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Marlon Brando – the film editor's nightmare


The significance of good film editing
Walter Murch Film-maker
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Francis Coppola wanted to make a single-take film which was One From the Heart. That was originally planned as a single-take film. That was in the days of film and the most you could shoot at any one time was still what Hitchcock was feeling... had to do which was 10 minutes. That's the most film people could shoot at one time. Anyway, he shot the film on that premise as I understand it, I didn't work on the film. But then later, there were problems with it, problems of comprehension or performance or what, I don't know. But then, how do you solve it? With a film that's edited, it's relatively easy to say, well, we'll just cut that shot out, or, you know, get rid of the bad bit. Or, reverse the order of those two things or find another take. So, it's... you can interfere in the DNA of the film. There's a lot in the news now about editing DNA that we can look at DNA and say: there's the problem, and now we have biological scissors, literally, that can go in and snip out the bad part of the DNA, and put in a good part and off you go. So, a film that is shot in one continuous take, has an aesthetic that precludes doing that.

So, I think it's fascinating that we can do this, and we can do it now because of digital technology in a way that we could not do it back then. But I... my hunch is if somebody's listening to this 50 years from now, that single-take films will remain an interesting but isolated compartment within the continent of cinema.

There's also something that... as you watch a single-take film, you are looking at a performance, it's like a high wire act. Are they going to fall? Can they do it? Can they do it interestingly? And you will tend, I think, to become more and more aware of the guy who's balancing on the wire with the balance bar, who is the director, that the danger becomes... you start thinking of the director more and more. And, there's something to be said for that – the quote – that when a film is well edited, it makes the film look like it was well directed, but when a film is greatly edited – whatever that means – it looks like the film wasn't directed at all. It just tends to happen because it has the fluidity of thought to it. And, thought, the way our thoughts work, is very similar to the way films are edited. You'll be going along and then suddenly you'll think of something else, and you'll follow that for a while, and then other things will intrude, and then you bounce back and forth between two thoughts, and then you come into a long contemplative long shot so to speak, and then you go into big close-up thoughts. And it's John Houston's observation that cinema, film is the most like thought of any of the arts because we have this great ability to be fluid in what we pay attention to. Which would bring me back to the thing that Beethoven contributed to music which was exactly that. That he invented, in music, this concept of, so to speak, the long shot or the alternating close-ups, and having things intrude in the middle of movements that other composers from an earlier generation would dismiss as not following the rules. And Beethoven just said, I don't care about that. I want to do this, this interests me, and his music, certainly in the 19th century, carried the day.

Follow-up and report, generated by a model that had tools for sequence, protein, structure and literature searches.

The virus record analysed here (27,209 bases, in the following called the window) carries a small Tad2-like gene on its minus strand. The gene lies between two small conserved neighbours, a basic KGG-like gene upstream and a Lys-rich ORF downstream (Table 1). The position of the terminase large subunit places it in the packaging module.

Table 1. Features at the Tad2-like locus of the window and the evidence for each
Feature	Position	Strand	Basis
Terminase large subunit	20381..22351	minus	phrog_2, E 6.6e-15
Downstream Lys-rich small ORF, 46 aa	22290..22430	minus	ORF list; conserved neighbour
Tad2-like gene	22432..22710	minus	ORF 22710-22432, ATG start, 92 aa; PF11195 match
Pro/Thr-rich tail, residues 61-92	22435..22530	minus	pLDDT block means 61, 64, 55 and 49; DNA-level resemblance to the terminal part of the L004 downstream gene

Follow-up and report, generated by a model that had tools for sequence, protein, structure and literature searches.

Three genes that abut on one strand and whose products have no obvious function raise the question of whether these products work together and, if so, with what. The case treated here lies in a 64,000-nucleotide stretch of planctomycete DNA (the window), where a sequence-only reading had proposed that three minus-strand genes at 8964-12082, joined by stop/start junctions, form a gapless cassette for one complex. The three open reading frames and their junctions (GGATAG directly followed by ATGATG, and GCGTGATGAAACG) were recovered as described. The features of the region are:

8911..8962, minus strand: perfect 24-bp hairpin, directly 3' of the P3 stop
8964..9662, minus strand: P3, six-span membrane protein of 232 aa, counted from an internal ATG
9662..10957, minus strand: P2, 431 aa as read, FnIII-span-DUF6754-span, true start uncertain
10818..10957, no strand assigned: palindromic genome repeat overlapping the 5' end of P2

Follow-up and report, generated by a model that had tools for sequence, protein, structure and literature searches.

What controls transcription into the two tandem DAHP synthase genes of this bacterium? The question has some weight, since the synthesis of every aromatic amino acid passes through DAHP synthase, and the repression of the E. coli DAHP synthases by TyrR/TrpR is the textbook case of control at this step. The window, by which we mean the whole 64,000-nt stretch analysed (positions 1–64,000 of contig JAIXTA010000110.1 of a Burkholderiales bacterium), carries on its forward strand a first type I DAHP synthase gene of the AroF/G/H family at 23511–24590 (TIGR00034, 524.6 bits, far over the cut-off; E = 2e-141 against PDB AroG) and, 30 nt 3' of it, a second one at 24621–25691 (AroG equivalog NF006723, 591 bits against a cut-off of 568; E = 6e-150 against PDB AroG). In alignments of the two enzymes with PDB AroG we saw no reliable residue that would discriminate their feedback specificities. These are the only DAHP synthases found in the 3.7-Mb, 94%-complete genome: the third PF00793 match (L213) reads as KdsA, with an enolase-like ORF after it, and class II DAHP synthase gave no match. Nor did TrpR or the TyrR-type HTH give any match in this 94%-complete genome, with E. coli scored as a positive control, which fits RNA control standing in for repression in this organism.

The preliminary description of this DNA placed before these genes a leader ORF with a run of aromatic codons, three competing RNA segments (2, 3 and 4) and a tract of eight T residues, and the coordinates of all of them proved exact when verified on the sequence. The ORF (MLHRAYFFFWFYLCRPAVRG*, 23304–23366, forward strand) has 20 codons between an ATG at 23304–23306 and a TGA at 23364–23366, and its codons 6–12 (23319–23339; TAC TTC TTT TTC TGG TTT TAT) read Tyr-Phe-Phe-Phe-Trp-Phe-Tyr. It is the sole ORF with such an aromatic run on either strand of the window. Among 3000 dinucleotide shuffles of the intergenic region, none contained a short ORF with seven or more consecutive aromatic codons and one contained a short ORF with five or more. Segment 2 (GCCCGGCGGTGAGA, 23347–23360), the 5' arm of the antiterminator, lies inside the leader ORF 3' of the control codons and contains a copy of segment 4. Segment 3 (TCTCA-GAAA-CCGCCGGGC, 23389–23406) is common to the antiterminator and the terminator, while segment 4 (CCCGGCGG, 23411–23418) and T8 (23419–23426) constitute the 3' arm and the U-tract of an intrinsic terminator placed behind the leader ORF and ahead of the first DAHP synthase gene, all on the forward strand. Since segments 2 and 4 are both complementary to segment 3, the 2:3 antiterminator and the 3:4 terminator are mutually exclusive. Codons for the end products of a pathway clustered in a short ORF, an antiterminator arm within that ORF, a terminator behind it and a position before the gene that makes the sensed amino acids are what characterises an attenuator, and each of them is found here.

Born in 1943 in New York City, Murch graduated from the University of Southern California's School of Cinema-Television. His career stretches back to 1969 and includes work on Apocalypse Now, The Godfather I, II, and III, American Graffiti, The Conversation, and The English Patient. He has been referred to as 'the most respected film editor and sound designer in modern cinema.' In a career that spans over 40 years, Murch is perhaps best known for his collaborations with Francis Ford Coppola, beginning in 1969 with The Rain People. After working with George Lucas on THX 1138 (1971), which he co-wrote, and American Graffiti (1973), Murch returned to Coppola in 1974 for The Conversation, resulting in his first Academy Award nomination. Murch's pioneering achievements were acknowledged by Coppola in his follow-up film, the 1979 Palme d'Or winner Apocalypse Now, for which Murch was granted, in what is seen as a film-history first, the screen credit 'Sound Designer.' Murch has been nominated for nine Academy Awards and has won three, for best sound on Apocalypse Now (for which he and his collaborators devised the now-standard 5.1 sound format), and achieving an unprecedented double when he won both Best Film Editing and Best Sound for his work on The English Patient. Murch’s contributions to film reconstruction include 2001's Apocalypse Now: Redux and the 1998 re-edit of Orson Welles's Touch of Evil. He is also the director and co-writer of Return to Oz (1985). In 1995, Murch published a book on film editing, In the Blink of an Eye: A Perspective on Film Editing, in which he urges editors to prioritise emotion.

Listeners: Christopher Sykes

Christopher Sykes is an independent documentary producer who has made a number of films about science and scientists for BBC TV, Channel Four, and PBS.

Tags: John Houston, Ludwig van Beethoven

Duration: 4 minutes, 52 seconds

Date story recorded: April 2016

Date story went live: 29 March 2017